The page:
Is summer vacation making kids dumber and fatter?
Writing at Bloomberg News, President Obama’s former Office of Management and Budget Director, Peter Orszag, strove to explain “How Summer Is Making U.S. Kids Dumber and Fatter.”
This is a provocative thesis – stated in precisely those words, in the headline – so Orszag brings some evidence to the table. “Taken together, a variety of studies indicate that students’ academic skills atrophy during the summer months by an amount equivalent to what they learn in a third of a school year, according to a review by Harris Cooper, a professor of education at Duke University, and several co-authors,” Orszag tells us.
Well, far be it for me to argue with a summary of a review of some studies! Other studies purport to show that this “summer fade” effect “varies substantially by income and race.” Orszag doesn’t go into details of precisely how, other than to assert that “each summer students of high socioeconomic status continue to learn, while those of low socioeconomic status fall behind,” and the effect persists to some degree, all the way through college.
Might I venture to suggest that this “summer fade effect” might have something to do with the way kids of varying “socioeconomic status” prepare for their return to school in the fall, as well as what they do on their summer vacation? And this probably has some correlation to how seriously they view academic endeavors in general, during the regular school year?
What’s more, another study cited by Orszag found “the average monthly gain in BMI for students moving from kindergarten to first grade was two to three times as fast during the summer as during either of the adjoining academic years. And the children most prone to obesity were most likely to put on additional weight during the summer.” So their bellies allegedly fill as their minds empty, and the effect even more clearly extends the body-mass trends exhibited during the school year.
Orszag’s proposed solutions include, most obviously, doing away with summer vacation, which he knows will not sit well with either teachers or students. Less dramatically, he suggests various voluntary summer education programs, funded by some combination of taxpayers and participating families. However, his own article goes on to note that the educational benefits from such programs have been found modest at best.
I don’t have any difficulty imagining how I’d have reacted to the idea of abolishing summer vacation when I was a kid, and I don’t see how two or three more months added to the school year would be feasible, given the immense “administrative” overhead costs that come with all public education endeavors. But the question that came most strongly to mind after reading Orszag’s piece was, “Why is this suddenly a problem now?”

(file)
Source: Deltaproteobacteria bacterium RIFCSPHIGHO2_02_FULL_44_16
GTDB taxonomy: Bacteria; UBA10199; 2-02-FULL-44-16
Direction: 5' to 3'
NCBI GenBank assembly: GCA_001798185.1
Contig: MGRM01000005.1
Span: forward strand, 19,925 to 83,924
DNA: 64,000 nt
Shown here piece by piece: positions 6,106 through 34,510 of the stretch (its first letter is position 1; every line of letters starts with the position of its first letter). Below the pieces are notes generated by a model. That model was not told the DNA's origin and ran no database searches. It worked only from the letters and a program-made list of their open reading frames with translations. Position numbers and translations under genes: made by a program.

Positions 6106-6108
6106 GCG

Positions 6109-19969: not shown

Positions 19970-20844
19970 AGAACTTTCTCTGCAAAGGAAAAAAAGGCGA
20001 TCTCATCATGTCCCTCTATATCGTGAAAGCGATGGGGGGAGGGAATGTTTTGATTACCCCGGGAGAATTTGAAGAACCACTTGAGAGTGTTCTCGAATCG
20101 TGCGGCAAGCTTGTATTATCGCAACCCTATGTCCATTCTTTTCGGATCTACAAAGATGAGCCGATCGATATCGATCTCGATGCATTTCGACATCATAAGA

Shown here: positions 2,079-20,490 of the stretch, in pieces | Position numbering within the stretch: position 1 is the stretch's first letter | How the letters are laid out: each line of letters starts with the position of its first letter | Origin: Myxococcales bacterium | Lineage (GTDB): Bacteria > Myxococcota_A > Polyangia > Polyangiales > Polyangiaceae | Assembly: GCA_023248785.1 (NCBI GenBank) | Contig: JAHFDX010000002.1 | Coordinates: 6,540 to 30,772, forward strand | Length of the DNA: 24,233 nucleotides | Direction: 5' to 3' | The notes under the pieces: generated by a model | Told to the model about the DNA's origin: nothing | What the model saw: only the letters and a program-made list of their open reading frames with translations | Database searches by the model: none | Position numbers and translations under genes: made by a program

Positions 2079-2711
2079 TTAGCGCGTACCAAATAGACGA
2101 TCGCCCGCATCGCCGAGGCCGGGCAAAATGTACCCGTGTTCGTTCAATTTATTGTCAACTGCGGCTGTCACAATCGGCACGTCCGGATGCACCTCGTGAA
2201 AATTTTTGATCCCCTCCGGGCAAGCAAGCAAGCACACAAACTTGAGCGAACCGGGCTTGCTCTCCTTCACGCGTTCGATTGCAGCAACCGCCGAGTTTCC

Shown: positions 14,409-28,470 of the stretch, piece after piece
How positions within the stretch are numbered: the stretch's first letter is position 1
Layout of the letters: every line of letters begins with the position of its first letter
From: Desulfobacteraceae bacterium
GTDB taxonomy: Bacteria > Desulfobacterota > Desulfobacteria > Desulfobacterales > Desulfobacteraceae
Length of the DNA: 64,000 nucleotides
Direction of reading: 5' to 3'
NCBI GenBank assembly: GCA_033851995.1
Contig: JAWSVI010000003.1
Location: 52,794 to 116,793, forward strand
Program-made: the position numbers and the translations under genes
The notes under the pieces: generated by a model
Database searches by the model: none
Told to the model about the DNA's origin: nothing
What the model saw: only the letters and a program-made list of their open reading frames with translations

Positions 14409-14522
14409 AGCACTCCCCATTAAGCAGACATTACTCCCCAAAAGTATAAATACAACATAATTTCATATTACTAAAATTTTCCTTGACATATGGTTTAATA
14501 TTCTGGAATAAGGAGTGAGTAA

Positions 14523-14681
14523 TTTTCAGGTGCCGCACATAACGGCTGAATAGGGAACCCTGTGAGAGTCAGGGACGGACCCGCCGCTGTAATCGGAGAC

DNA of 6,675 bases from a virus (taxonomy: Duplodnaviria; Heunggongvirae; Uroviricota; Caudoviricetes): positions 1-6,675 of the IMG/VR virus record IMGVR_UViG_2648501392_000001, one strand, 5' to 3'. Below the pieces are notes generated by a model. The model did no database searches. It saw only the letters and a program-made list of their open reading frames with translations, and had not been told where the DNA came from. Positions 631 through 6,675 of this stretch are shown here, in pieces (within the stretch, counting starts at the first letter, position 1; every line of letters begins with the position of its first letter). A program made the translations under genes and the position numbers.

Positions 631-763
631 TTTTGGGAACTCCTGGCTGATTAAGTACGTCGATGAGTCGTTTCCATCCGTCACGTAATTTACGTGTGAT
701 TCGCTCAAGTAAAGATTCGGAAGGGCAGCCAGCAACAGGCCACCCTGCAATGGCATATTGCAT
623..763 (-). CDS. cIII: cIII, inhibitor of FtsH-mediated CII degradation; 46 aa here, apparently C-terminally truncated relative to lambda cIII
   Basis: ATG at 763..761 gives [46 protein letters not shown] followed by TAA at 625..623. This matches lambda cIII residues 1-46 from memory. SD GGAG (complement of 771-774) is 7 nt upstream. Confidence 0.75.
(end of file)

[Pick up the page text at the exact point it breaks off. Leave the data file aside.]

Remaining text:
We’ve had summer vacations forever, haven’t we? They certainly predate my time in elementary school, which was at least a decade ago. Okay, two. Three. No, wait… er, could we just go with “at least three decades?” Anyway, it was a long time ago.
What has changed so dramatically, to make summertime flab and dumbness such a huge crisis? America’s children used to perform far better academically, summer vacations notwithstanding. The decline in their performance corresponds much more sharply with the establishment of the Department of Education than summertime idleness. Instead of plowing more money into the educational system, shouldn’t we be asking more probing questions about the value we’re getting for the gigantic sums we currently invest?
There could be a number of factors contributing to the “summer fade” effect, ranging from cultural attitudes toward learning, to greater indulgence in less physical forms of childhood amusement. But I’ll throw out three possibilities I’ll bet the establishment doesn’t want to discuss:
1. Fewer stay-at-home mothers are available to coordinate summertime activities, and provide intellectual stewardship for vacationing kids.
2. Lower quality public education during the year leaves children headed into summer with less scholastic discipline.
3. Summer jobs for older kids have become far more difficult to obtain, as the economic slowdown wipes out the kind of opportunities they used to enjoy.
Families, schools, and society aren’t what they used to be. It’s not surprising that the nature of summertime has changed, too.